Our countdown to launch had dwindled to the very lowest number. Now our departure date was at the mercy of two different mechanics in two separate towns working on two different vehicles.

The delay was deeply disappointing considering the obvious build-up of excitement to this moment. However, the daunting discouragement was most firmly rooted in the very possible reality that we would miss out on a doctor appointment scheduled the following day for our youngest son, Tanner, in the town of our first stop three hours away: Coeur d’Alene. Tanner had been experiencing frequent and persistent stomach aches and I felt sure that it was tied to something he was eating. The doctor in Coeur d’Alene was known for assessing and treating allergies with magnets and I was anxious to have Tanner seen by him before we started traveling.

The fact that we were even able to set up an appointment with this doctor on such short notice as a new patient felt like a miracle (new patient appointments were being scheduled four months out). We’d rearranged four dentist appointments and bumped our launch date up by a day in order to make Tanner’s appointment work.

Desperately dependent

I felt utterly defeated by this unforeseen delay. When I asked a few good friends to pray that God would allow us to leave on time in order to make this appointment, a thought occurred to me: why not just ask God to heal Tanner?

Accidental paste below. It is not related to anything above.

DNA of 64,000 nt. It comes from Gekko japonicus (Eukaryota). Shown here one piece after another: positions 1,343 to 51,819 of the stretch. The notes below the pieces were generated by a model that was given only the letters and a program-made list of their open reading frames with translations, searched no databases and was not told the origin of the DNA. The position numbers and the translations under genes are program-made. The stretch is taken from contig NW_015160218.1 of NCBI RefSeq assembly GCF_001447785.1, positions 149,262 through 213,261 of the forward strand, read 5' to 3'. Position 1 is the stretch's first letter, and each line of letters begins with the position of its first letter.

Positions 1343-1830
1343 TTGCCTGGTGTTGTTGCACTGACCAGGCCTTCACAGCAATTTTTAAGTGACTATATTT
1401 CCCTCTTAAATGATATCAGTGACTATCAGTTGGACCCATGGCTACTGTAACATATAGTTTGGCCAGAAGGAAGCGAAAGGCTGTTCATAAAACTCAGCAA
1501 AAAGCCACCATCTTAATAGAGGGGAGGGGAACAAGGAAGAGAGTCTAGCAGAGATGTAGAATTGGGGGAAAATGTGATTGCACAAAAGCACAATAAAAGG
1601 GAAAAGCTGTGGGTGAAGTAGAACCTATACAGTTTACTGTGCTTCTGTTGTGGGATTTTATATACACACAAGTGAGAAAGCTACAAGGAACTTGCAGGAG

It was a valid question, but it also seemed redundant. I’d prayed for him already, several times. Yet, this particular situation pressed my heart toward the reality that my options had just narrowed to allow my dependence to rest solely on the shoulders of my Savior. In this place of surrender I could see my wavering faith with clarity. Why did I find it easier to believe that God would fix our schedule than to heal our son?

In Mark chapter six, a multitude of people had gathered to listen to Jesus speak. As it grew late the disciples and Jesus both recognized the crowd’s need for food. The disciples had their plan in place: outsource the problem–send the people away to get their food. Jesus had another idea: just meet the need. Jesus simply told them, “You give them something to eat.” When the disciples responded confused and frustrated, Jesus asked how many loaves they had.  They gathered their resources (five loaves and two fish) and Jesus blessed the small collection and began dividing it, again, and again and again until all were fed and 12 baskets of food were left over.

Like the disciples, I was ready to outsource Tanner’s treatment, confident that this Doctor would help. When it appeared that option was fading fast, I felt the Lord prompting me to consider the resources I already had on hand.

Providential provision: our only option